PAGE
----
Moon of Alabama Brecht quote
September 24, 2016

Corbyn Wins In Stunning Defeat Of Blairite Establishment

In a stupendous defeat of establishment and pseudo-left media like The Guardian, as well as Blairite interventionists, Jeremy Corbyn again won the Labour leadership elections.

Corbyn received more votes than the last time he was elected.

A massive campaign against Corbyn had been driven by nearly all British media and nearly all established Labour MP's. It prevented Labour attacks on the Tories when those were in deep trouble over the Brexit vote. Those MPS must shut up - or leave.

It is now up to Corbyn to develop a new political Labour platform that offers a real alternative to the destructive rerun of Thatcher policies by Prime Minister Theresa May. It could be the start of a dawn of the left in all of Europe.

Congratulations to him and good luck!

Posted by b on September 24, 2016 at 12:10 UTC | Permalink


My congratulations to Jeremy Corbyn for defying the pro-Blair PLP lined up against him and prevailing over the garbage they and the British mainstream media threw at him.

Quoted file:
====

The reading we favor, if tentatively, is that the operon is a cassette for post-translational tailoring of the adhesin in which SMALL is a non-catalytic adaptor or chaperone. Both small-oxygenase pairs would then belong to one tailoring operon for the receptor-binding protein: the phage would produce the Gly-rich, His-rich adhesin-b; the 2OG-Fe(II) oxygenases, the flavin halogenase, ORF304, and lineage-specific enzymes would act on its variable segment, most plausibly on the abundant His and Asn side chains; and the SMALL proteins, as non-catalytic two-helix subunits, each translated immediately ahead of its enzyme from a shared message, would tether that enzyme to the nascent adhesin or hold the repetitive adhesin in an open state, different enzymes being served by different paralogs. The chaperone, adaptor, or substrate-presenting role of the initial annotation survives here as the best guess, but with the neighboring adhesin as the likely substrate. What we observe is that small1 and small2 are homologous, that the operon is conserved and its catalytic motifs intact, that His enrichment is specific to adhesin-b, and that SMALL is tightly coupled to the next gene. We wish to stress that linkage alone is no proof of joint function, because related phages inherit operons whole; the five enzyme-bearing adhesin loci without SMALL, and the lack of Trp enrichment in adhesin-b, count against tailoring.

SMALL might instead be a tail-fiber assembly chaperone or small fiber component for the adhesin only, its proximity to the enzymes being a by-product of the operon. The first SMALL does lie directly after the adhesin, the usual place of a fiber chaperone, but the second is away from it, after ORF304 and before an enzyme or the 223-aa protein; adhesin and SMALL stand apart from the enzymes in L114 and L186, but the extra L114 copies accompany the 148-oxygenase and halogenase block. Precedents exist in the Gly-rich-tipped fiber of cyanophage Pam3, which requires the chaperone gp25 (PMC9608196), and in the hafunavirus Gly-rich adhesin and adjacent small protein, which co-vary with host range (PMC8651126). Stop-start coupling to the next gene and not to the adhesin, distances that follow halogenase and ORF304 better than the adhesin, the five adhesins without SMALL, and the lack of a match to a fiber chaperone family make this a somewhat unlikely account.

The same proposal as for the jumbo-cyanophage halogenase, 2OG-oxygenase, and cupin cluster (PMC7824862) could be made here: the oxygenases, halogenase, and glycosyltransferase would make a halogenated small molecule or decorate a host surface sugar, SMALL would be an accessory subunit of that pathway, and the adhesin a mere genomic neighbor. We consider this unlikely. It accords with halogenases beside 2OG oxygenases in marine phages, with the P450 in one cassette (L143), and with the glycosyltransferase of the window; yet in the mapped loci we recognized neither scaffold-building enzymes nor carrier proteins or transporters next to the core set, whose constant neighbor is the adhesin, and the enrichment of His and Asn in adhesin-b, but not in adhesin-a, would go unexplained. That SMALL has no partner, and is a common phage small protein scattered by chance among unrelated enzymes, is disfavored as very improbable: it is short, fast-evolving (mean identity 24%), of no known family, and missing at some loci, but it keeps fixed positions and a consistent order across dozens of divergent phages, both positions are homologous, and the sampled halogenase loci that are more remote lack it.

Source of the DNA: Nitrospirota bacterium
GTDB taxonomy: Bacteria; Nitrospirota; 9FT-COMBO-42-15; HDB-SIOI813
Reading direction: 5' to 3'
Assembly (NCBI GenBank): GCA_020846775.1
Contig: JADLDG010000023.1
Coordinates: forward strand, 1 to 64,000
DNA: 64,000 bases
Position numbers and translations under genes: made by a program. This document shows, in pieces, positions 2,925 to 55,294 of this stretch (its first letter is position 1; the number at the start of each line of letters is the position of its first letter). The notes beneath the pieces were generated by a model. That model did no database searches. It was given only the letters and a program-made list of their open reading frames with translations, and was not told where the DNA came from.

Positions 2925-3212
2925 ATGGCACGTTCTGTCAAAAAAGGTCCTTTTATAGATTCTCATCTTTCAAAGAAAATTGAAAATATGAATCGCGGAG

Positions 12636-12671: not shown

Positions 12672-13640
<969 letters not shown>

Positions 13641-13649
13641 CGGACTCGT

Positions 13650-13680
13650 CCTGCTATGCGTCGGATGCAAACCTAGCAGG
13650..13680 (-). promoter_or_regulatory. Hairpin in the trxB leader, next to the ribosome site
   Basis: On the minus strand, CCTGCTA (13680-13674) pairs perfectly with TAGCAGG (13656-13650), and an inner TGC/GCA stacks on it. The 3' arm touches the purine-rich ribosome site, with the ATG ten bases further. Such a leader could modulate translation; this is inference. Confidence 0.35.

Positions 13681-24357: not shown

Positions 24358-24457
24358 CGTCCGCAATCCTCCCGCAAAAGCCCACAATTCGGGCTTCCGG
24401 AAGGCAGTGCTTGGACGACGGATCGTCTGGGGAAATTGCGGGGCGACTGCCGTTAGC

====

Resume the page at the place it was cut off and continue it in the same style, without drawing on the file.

Now the only decent thing left for the PLP to do is to leave British Labour and establish their own party (with Tony Blair as their messiah) or join the Conservatives.

If Corbyn were to offer reconciliation to the PLP along with a new political platform, that would be a real act of leadership that would put the PLP into an even worse quandary: if they accept reconciliation and stay in British Labour, they would be selling out on their own principles (and the rest of British Labour would always distrust them) and if they leave, they would be seen as spoilsports.

Posted by: Jen | Sep 24 2016 12:53 utc | 1

Well that was a political battle of an existential kind for the true left in Britain. Let us all hope Corbyn doesn't squander the political capital he has been handed by taking such poorly advised positions as he did supporting the 'Remain" side in the referendum. The Resistance needs every last bit of effort it can muster, from whatever quarter. Now if only the Labour Party will embrace the sound ideas being put forward by the 'Positive Money' folks in Britain.

Posted by: BRF | Sep 24 2016 13:10 utc | 2

Good luck to him indeed! I am a Londoner and it's been a heady couple of months. First was 'Brexit' where I voted 'Leave'....then cast my vote for Corbyn despite the PLP and their insidious attempts to disenfranchise voters ...if/when Trump wins in November my year is pretty much done and the fun and games cab really begin lol.

Now I just need Russia to do something decisive about the treachery in Syria and do the same with the Kiev government and it's all good as the kids say.